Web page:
Ben Nielsen

Kip Williams' vision transcends professional inexperience, the gimmick of the performance venue and Hugo Weaving’s star power.

Melita Jurisic and Hugo Weaving. Image by Brett Boardman. 

The audience enters the stage, taking their seats where the actors would usually deliver their performance. The space is bare but for a trestle and seven mismatched chairs, beyond which lies the dimly lit auditorium. It is a consuming expanse of nothingness, from which looms Birnam Wood, Dunsinane Castle or perhaps the very depths of Macbeth’s own consciousness. 

Shakespeare’s Macbeth is allegedly based on Holinshed’s Chronicles, as well as the real-life figure who became king of Scotland after the bloody overthrow of Duncan. Despite its relative historical accuracy, the tumult of Shakespeare’s tale is unfathomable and almost farcical. Yet, it still manages to reflect the political and power struggles of the current day. Perhaps more pertinent though, is its ability to trigger discourse about personal character and the relationship between self, others and one’s environment.


While it is difficult to ignore the cavernous auditorium – an unorthodox arrangement that is as much a draw card as Hugo Weaving – it is not really the focus of the production. Instead, the text is brought to the forefront, without intrusion from set, costume or lighting. Obviously these elements are integral to the staging, but there is a clarity to director Kip Williams’ approach. Pared back and rather Brechtian, his vision is especially refreshing amid the trend to embellish and modernise classic texts. As a result, Shakespeare’s darkest tragedy really only exists through the words of the actors.

If only the integrity of each performance could withstand this ideal, but instead, the actors show inconsistencies in strength, conviction and delivery of the text. Among the hotchpotch cast, John Gaden as Duncan et al and Melita Jurisic as Lady Macbeth are particularly notable. Even Kate Box utilises her comparatively minimal role. But, try as they might to match him, Hugo Weaving’s talent is simply insurmountable. Perhaps if he were removed from the marquee, the remaining cast might have more easily met the audience’s expectations.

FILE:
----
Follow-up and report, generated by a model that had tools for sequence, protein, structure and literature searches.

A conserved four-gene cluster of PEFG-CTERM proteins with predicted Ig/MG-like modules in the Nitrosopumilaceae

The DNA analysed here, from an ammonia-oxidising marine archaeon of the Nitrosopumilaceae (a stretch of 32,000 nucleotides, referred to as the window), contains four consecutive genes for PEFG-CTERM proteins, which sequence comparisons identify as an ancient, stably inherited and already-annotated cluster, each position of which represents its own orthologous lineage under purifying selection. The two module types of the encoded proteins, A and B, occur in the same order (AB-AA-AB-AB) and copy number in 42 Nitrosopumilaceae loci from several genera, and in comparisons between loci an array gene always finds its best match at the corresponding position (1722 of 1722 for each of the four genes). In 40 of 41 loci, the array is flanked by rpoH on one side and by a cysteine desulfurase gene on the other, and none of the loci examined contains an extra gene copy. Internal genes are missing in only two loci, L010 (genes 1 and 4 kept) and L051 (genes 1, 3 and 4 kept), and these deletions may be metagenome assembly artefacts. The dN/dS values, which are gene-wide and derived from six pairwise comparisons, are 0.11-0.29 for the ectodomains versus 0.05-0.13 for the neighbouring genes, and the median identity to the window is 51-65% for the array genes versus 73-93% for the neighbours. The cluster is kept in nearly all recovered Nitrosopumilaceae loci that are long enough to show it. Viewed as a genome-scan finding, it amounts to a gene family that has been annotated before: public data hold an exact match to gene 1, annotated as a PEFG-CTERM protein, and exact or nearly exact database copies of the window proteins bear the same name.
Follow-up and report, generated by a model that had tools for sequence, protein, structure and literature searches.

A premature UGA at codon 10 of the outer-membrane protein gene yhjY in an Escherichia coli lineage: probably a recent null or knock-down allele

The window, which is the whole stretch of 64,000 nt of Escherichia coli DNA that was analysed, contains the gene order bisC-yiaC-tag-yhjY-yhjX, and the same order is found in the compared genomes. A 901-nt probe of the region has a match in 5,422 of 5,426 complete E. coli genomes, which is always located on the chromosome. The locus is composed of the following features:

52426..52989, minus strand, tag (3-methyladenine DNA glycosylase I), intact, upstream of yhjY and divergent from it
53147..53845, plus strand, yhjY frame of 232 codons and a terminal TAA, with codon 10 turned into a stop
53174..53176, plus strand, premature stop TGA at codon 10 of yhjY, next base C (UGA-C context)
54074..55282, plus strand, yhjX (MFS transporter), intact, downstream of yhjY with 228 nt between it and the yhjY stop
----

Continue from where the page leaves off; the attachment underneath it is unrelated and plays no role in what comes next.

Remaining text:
In the title role, Weaving provides a compelling and dynamic performance. His energy fills the surrounding void, and every motion is committed with captivating intent – from the careful punctuation of lines to the subtlest hand gesture. It is difficult to truly identify who or what Macbeth is, and so the complexity of his character becomes as chilling as the gruesome deeds he commits. To portray this, Weaving casts aside his own inhibitions in an explosive and confronting display of personality and emotion. The hysteria that he so often employs becomes overdone though, especially when Melita Jurisic achieves the same intensity with a surprising quietness.

As Macbeth slowly unravels, the production becomes increasingly complex. The auditorium’s potential as a performance space is finally realised, the visual aesthetic becomes more intricate, and sound and light is better integrated.

There are moments of complete beauty – the wall of fog, the downpour of opalescent confetti, the witches’ earthy rites, Max Lyandvert’s ethereal compositions. There are also an equal number of clumsy moments. The intention behind the actor’s initial entrance and Macbeth’s final exit is unclear; several scenes seem far too mechanical (Banquo’s death and Macbeth’s demise); and the overt visual imagery (a bouquet of red and white flowers and similar costuming choices) sometimes seems crude. Perhaps most obvious, though, is the discomfort of the seating arrangement which leaves the audience wriggling for most of the second half.

Like Macbeth himself, the production possesses both strengths and weaknesses. Ultimately though, every element contributes to Williams’ undeniably clever staging. It is a relief that he so capably controls this extraordinary vehicle – his vision transcending professional inexperience, the gimmick of the performance venue and Weaving’s star power.

Rating: 4 stars out of 5


Sydney Theatre Company
Directed by Kip Williams
Design Alice Babidge
Lighting Design Nick Schlieper
Composer and Sound Design Max Lyandvert
Performed by Hugo Weaving, Melita Jurisic, Paula Arundell, Kate Box, Ivan Donato, Eden Falk, John Gaden, Robert Menzies

Sydney Theatre, Walsh Bay
21 July – 27 September

About the author

Ben Nielsen is a Sydney-based writer and broadcaster. He regularly contributes to Limelight magazine and ArtsHub, and has also written for News Corp Adelaide and SALife Publications. Follow @benjnielsen